What did you really learn this semester?
It’s amazing how fast a semester goes when you look back in retrospect. This semester seemed to be one of those fast moving ones for. The end of a semester makes me look back on everything that I got to do or be a part of, and although I didn’t take a single test, I got to experience some really great things this semester. I got to see a whole lot of student success over the semester. I engaged in multiple committees across campus. I was even asked to join a volunteer board outside of UW-Stevens Point.
As you look back on your semester, what BIG takeaways do you see? Is there anything that you can add to résumé? There is certainly a difficulty and maybe even a disconnect when I talk to students about résumé builders, but they are all around you. You simply need to find the best way to position your accomplishments in a way that resembles you.
This semester I worked with two teams of individuals that worked on a marketing research project. Each of these teams got to send out surveys, analyze data from these surveys, work together as a team, and develop solutions to help out their target markets. They got to present to a classroom about their findings and answer questions about their research. Each item mentioned is something that can be positioned as a strength on their résumés. Employers love team members.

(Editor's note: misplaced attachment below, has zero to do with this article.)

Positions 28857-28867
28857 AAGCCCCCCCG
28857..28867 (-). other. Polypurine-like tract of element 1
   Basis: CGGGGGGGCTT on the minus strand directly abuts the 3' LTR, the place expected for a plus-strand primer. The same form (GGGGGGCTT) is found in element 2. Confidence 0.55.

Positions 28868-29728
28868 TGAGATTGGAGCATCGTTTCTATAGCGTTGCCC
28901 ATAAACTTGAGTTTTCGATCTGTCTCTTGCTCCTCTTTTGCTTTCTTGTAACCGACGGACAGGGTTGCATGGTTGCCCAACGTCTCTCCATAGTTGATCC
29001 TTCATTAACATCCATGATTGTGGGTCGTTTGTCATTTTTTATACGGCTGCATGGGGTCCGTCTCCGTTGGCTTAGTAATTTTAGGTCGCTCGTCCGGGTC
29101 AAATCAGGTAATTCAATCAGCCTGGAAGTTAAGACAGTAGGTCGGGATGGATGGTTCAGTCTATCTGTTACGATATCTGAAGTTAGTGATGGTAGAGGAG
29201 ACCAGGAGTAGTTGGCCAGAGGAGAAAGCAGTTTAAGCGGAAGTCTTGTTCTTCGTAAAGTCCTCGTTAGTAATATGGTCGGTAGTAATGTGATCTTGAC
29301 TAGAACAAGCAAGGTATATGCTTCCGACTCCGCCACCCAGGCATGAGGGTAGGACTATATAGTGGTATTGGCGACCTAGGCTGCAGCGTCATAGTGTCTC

So this leads me to my question for you. What did you really learn this semester? How much of it can you use to add to your briefcase of success?
Once you start to search for that dream job, your résumé will be a leading factor in helping you get that job, along with networking and your past experiences. Your potential employer isn’t going to care that you answered the correct Microsoft Excel question, but if you can prove to them how you used Excel to solve a problem, that is when you start to be seen as an asset.
Ask yourself a few simple questions about this past semester?
- How did I use my leadership skills?
- How did I use my ability to solve problems?
- Was I able to be flexible and adapt to the environment I was in?
- If I were a CEO, would I hire me?
Taking a step back and identifying what went well–and maybe what didn’t go so well–gives you perspective and an opportunity to identify key areas of strength and key areas for improvement over the course of the next semester, or month, or time frame that you tell yourself you want to look at.
The greatest part about constant improvement and learning is that overtime you build a portfolio of experiences. Eventually your experiences and responsibilities will grow to a point where people and employers start to recognize you, and slowly but surely the gap between education and experience begins to close.
Thanks for reading!
– Max T –